Remember ‘Rafa Dafa Kiya Nahi Jaaye’ from Radio (2009), listen to ‘Yun To Mera Dil’ by Himesh Reshammiya and Sadhana Sargam. After a long gap, one sees Sadhana Sargam in action but sadly only for two lines and one feels that she could have been used more. Nevertheless the song is engrossing with Himesh going way too low at some notes giving a relief to the listeners from his usual nasal singing. Good romantic number.
The next track ‘Hum Tum’ starts off brilliantly with Vaishali Mhade (SaReGaMaPa 2009 winner) churning out some classical notes but soon is taken over by Himesh Reshammiya and what follows is an average composition, especially on the lyrics front which are way too simple; 'Hum Tum Train Ki Do Patri Ki Tarah', failing to create an impact. Disappointed!
Now, the song ‘Tere Bina’ is a special one and the past record for Himesh with the words ‘Tere Bina has been outstanding with ‘Tere Bina’ from Aap Ka Surror-The Moviee (2007) being appreciated tremendously. The song has all in it to be a hit amongst Himesh's fans and will be a rage like ‘Teri Meri’ from Bodyguard recently. Although this simple, breezy sounding composition seems to be inspired from the popular song ‘Kahin To Hogi Ho’ from Jaane Tu Ya Jaane Na (2008) which was composed by the maestro A.R Rahman, but still the trouble-some lyrics (Sameer) and the sad feel will work in its favour making the song popular with time. Decent hear!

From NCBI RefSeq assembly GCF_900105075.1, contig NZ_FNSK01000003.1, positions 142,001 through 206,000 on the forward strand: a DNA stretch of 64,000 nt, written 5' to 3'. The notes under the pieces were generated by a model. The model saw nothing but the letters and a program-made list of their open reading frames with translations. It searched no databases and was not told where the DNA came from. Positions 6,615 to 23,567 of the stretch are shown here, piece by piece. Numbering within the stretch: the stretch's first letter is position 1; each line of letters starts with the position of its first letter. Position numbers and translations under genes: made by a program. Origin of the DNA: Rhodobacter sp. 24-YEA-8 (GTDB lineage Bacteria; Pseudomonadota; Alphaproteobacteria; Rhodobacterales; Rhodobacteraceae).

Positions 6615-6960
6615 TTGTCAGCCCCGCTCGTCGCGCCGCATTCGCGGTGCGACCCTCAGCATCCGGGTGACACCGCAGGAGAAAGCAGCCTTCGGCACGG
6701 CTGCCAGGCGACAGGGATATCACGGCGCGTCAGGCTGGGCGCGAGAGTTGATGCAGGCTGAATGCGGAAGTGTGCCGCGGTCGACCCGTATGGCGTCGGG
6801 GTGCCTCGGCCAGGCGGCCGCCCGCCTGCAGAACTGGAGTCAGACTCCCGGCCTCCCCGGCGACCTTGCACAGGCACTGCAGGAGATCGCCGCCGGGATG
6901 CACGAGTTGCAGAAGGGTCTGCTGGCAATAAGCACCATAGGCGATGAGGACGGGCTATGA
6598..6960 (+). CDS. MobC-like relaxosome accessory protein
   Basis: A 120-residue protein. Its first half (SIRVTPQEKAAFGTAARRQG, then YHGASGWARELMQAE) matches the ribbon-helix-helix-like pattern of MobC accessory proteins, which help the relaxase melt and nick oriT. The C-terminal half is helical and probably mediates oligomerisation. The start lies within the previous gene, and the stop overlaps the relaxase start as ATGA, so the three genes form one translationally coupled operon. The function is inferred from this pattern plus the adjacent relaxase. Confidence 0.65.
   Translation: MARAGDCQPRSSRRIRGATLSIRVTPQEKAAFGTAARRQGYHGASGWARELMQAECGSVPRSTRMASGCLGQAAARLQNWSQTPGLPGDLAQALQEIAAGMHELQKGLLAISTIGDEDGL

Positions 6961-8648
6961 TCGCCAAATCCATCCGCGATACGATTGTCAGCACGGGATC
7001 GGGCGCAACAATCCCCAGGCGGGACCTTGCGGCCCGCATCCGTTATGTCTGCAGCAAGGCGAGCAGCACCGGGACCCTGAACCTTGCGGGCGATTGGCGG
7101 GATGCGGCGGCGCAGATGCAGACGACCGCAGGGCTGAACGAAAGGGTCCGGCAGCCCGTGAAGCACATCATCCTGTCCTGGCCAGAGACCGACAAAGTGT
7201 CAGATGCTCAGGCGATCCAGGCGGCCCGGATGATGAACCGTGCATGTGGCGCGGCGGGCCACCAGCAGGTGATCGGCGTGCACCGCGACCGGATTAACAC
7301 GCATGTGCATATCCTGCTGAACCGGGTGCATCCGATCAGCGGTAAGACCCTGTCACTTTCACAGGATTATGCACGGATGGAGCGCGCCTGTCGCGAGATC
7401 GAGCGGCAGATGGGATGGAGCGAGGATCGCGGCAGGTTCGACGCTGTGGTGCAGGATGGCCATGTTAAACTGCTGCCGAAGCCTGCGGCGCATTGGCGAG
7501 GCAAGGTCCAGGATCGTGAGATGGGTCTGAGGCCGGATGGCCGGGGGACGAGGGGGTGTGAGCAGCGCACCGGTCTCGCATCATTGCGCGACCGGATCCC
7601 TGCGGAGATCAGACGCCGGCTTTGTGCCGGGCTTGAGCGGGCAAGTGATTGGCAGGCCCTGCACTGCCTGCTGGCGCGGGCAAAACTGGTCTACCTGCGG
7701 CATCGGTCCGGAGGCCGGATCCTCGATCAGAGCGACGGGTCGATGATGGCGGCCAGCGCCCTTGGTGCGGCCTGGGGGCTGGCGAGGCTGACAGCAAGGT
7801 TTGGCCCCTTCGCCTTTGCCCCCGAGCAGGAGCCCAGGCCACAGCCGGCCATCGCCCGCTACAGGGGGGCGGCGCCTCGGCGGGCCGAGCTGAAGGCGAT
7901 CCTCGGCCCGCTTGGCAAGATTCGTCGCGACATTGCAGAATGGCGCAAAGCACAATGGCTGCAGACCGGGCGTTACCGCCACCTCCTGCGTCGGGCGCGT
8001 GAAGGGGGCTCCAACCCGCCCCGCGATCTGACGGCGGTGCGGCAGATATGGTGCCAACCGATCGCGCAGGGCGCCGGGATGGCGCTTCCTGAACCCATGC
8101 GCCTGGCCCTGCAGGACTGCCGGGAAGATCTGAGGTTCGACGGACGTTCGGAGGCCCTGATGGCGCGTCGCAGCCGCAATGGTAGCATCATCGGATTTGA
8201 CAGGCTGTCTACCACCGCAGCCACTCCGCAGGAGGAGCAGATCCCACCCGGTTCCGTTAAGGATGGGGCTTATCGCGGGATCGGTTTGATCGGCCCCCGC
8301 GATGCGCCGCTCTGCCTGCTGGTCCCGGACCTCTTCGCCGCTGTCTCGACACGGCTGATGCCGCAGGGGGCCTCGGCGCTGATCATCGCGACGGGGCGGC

Coming to the next track which reads ‘I Need My Space’ is a ‘save-your-ears’ from Himesh where he almost does a Vishal Dadlani during 'I Need My Space, I Need My Freedom’. A situational number which gives a heard-before feeling and would have sounded better in the voice of some other accomplished singer.
Up next is ‘Mango’, yes that’s the name of the song, which is imaginative and ‘tries-to-be’ innovative, but despite ’Mango’'s engrossing melody, its brainless lyrics kill it. Supporting Himesh Reshammiya is Aditi Singh Sharma who once again impresses in the short ‘high opera-ish’ scale with some English vocals and renditions, long way to go for her. Sadly the attempt to create connection between a seasonal fruit 'Mango' and 'Love' seems a lame attempt on the lyrics part and doesn’t leaves a lasting impression on the listeners. The only plus for the composition is the part crooned by Aditi Singh Sharma at the start and then in the interludes, sheer brilliance, the second ‘antara’ (paragraph) with the English vocals is an instant reminder of the captivating song ‘Reaching For The Rainbow’ from Love U Mr. Kalakaar (2011). Hear it only for Aditi Singh Sharma.
The last original, rather promotional track ‘Bhool Jaun’, co-composed and co-sung by Himesh Reshammiya and Sachin Gupta is an example as to how impactful can be Himesh tunes if he allows other singers to sing. One can sense that Sachin Gupta is caught in the ‘Tere Liye Unplugged’ (Prince, 2010) mode and he has tried to bring in a similar feel here as well, but nonetheless it’s a perfect end to the soundtrack and the song makes up for a decent hear which will gain popularity once its video is out.
Damadamm doesn’t live up to the expectations of Himesh’s fans, leave apart non-Himesh fans. His previous soundtracks Karzzzz and Radio were far better and offered some repeat-value tunes, but Damadamm, except for two or three compositions has nothing to cheer for. On the lyrics part, it’s a big disappointment with Shabbir Ahmed doing the title song and ‘Aaja Ve’ and Sameer for the rest of the songs. Both the lyricists provide nothing extraordinary for what could have been a soulful ride with Himesh rendering some heart-broken tunes. Damadamm will for sure find its place among Hmesh Reshammiya’s fans but one doubt whether it will have a long shelve life.